‘AGT’s 10-Year-Old Sensation Jackie Evancho On Fame, Missing Home

by | September 6, 2010 at 12:08 PM | America's Got Talent, Interviews, RealityTV, TV News

Jackie Evancho (NBC)

Jackie Evancho (NBC)

She is one of only a handful of ‘America’s Got Talent’s’ truly electrifying superstars in the NBC show’s five-year history. And she’s only 10 years old. With the ‘AGT’ finals approaching Sept. 15, 10-year-old extra-talented soprano opera singer Jackie Evancho stands a strong chance to walk away with the $1 million prize.

When Evancho, who is from Pittsburgh, premiered on ‘AGT’ Aug. 10 as a YouTube specialty act, she became a national talking point on par with ‘Britain’s Got Talent’s’ 2008 phenom opera singer Susan Boyle, who became famous on the Internet with millions of viral views. The YouTube round is new to ‘AGT’ this year, as finalists are traditionally chosen exclusively through live competition. But it now looks to be a big factor in the show’s winner.

Although she is new to the national stage, Evancho released a classical CD of mostly cover songs last year, called ‘Prelude to a Dream,’ and has performed onstage with Hollywood uber-music producer David Foster.

Evancho’s fellow top 10 ‘AGT’ competitors include fellow singers Taylor Mathews, Michael Grimm, Prince Poppycock, and Ali and Christina; dancers Studio One Young Beast Society and Anna and Patryck; black-light performance artists Fighting Gravity; illusionist Michael Grasso; and bicycle stuntman Jeremy VanSchoonhoven.

The slightly overwhelmed Evancho took a few minutes to talk with Fancast about competing in ‘America’s Got Talent’ and being a frontrunner at such a young age — and the difficulties that come along with it.

Scale of 1-10, what has this week been like for you?
My excitement for this show if it was a scale of 1 to 10 would probably be 100 — no, 10. I wish I could say 100. I have had some sad emotions, so I am happy that I could burst out into tears, which has happened before. But yeah, it’s very hard to be here.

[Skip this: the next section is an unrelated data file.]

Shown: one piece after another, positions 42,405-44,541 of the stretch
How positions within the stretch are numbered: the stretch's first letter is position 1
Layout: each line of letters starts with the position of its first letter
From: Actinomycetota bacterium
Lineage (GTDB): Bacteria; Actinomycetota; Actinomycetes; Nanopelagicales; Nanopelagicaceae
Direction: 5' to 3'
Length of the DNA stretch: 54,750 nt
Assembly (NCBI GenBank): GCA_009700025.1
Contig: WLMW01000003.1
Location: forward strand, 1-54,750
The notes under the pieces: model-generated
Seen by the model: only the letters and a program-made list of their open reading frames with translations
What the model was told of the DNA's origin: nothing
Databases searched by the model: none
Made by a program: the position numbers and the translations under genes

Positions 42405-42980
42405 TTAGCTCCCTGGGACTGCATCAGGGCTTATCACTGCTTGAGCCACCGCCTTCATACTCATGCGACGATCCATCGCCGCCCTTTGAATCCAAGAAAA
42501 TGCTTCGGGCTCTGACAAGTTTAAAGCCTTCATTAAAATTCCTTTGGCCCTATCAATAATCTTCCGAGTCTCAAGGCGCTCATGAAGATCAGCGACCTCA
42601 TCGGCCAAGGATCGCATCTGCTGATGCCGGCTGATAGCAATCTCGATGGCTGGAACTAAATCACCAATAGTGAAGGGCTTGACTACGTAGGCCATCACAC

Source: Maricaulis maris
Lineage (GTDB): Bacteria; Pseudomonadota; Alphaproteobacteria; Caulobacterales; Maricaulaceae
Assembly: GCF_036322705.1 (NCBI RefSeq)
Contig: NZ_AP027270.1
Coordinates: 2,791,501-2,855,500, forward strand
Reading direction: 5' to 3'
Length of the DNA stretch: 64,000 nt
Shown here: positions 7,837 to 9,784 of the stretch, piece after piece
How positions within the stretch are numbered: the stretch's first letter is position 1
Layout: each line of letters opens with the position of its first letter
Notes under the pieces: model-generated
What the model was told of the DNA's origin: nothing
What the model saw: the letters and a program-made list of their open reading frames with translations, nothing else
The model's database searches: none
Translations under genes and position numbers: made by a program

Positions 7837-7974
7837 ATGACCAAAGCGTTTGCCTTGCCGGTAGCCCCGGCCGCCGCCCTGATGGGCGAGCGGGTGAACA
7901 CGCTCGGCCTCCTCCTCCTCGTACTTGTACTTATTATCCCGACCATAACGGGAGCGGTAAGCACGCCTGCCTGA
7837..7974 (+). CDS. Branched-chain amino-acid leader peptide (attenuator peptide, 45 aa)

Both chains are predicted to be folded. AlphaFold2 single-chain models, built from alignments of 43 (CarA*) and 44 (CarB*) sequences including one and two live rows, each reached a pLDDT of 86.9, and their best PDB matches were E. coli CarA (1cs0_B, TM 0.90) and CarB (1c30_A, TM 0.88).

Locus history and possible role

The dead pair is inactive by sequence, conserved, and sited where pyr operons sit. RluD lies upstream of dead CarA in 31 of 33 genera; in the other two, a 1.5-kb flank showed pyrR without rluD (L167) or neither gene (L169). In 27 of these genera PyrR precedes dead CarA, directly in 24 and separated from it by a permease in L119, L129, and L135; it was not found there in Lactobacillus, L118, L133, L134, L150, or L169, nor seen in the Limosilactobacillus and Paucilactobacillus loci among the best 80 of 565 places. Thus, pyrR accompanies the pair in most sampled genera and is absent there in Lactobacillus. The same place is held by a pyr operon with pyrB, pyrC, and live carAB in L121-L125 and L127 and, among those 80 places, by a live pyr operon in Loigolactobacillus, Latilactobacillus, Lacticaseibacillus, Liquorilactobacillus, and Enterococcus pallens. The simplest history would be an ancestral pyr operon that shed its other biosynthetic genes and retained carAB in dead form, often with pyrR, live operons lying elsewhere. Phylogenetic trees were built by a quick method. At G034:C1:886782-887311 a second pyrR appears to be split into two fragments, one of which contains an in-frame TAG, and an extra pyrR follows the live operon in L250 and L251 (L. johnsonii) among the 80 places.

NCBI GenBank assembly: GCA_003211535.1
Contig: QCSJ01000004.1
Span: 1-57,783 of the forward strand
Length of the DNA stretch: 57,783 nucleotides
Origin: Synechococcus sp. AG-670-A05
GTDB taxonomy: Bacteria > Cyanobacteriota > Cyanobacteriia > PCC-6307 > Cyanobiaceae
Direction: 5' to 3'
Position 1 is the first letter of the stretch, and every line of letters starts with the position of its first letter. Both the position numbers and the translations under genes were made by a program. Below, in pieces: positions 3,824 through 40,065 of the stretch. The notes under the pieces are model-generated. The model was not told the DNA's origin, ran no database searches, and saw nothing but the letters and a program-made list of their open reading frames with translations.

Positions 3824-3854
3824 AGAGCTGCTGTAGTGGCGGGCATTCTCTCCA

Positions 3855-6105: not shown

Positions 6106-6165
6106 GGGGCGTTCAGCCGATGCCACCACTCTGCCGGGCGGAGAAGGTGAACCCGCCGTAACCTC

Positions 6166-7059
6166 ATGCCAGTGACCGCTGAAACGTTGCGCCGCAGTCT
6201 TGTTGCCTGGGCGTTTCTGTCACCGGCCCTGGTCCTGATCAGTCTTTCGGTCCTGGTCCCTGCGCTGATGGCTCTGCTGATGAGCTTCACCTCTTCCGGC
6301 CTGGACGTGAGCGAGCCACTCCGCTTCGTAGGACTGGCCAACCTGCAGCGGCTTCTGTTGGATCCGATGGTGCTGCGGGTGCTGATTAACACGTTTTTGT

Why is it hard?
Well, it’s hard because I miss my family a lot.

Do you talk with them much? Do they call you?
No
, not really. I guess I can call them, but they’re usually busy. They’re not busy. I don’t get a chance to call them a lot.

Do you have enough time to just hang out and be a kid, or is it all work time?
I don’t know. Well, I think this whole experience, everything, I am a little girl.

You were successful before this show. Has this changed your life?
Just a little bit. People ask for my picture and autograph. That’s about it.

How much do you rehearse for these performances?
Well, we usually have an hour to sing. We rehearse with the vocal coach for an hour. We come here and sing a few times, which isn’t very much in an hour.

When did you first know you had this singing ability?
I just turned eight, two years ago. We were watching ‘Phantom of the Opera.’ I really loved the movie. I was mesmerized for the whole entire time. After that, I started singing the songs around the house. After that, my mom thought that I was really good. So, she asked me if I wanted to do a talent competition down in Pittsburgh. I was the first runner-up to 20-year-old opera singer, who sang elegantly.

Did your talent come out right away or did it take time?
It just came on its own. I don’t know how it happened.

What do you think when you hear yourself sing? Is there a personality you’re going for?
I don’t really know. I guess the personality I am trying to go for is someone who is into the song a lot.

What do you think about being a competition with all these talented people?
I really don’t pay attention to the competition. Usually, I’m just friends with them. They’re all very, very good people. Sometimes I get worried, because the people here are really good. The dancers are good, especially Studio One. Fighting Gravity is amazing.

Who is your biggest support system?
It’s just my mom, really.

Have you thought about what you would do with the money if you won?
I would probably help baby seals.

Animals are an important cause for you?
I really love them.

Wouldn’t you buy anything for yourself?
I’ll probably buy myself a pony.

Do you think about there are a lot of other singers in the competition?
No.

Do you pick your songs?
They pick the songs for us. We have a producers’ meeting in a little cabin when we rehearse. After that, I sing some songs that they listen to. They all debate on whether it is a really good song or not.

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What do you miss most from home?
I miss my family the most. I miss being able to sleep in my loft.

Do you miss your pets or toys?
There are millions of pets. We have 23 pets. We have three dogs, a lizard, two cats, two baby pigs, three frogs, and four ducks.

Back home, do you talk about your singing with friends?
No. They probably know that I don’t like it, so we try not to pay any attention to it.

Is it weird talking about with reporters?
Yeah – oh, no, no.

Do you want to be a singer when you grow up or something else, like a doctor or lawyer?
No, I really want to be a singer. That’s always what I wanted to be.

What you do you like in school?
I actually really love writing. I usually get straight A’s and B’s.

Would you want to be a writer?
Not really.

You’re good enough to stick with singing.
Yeah.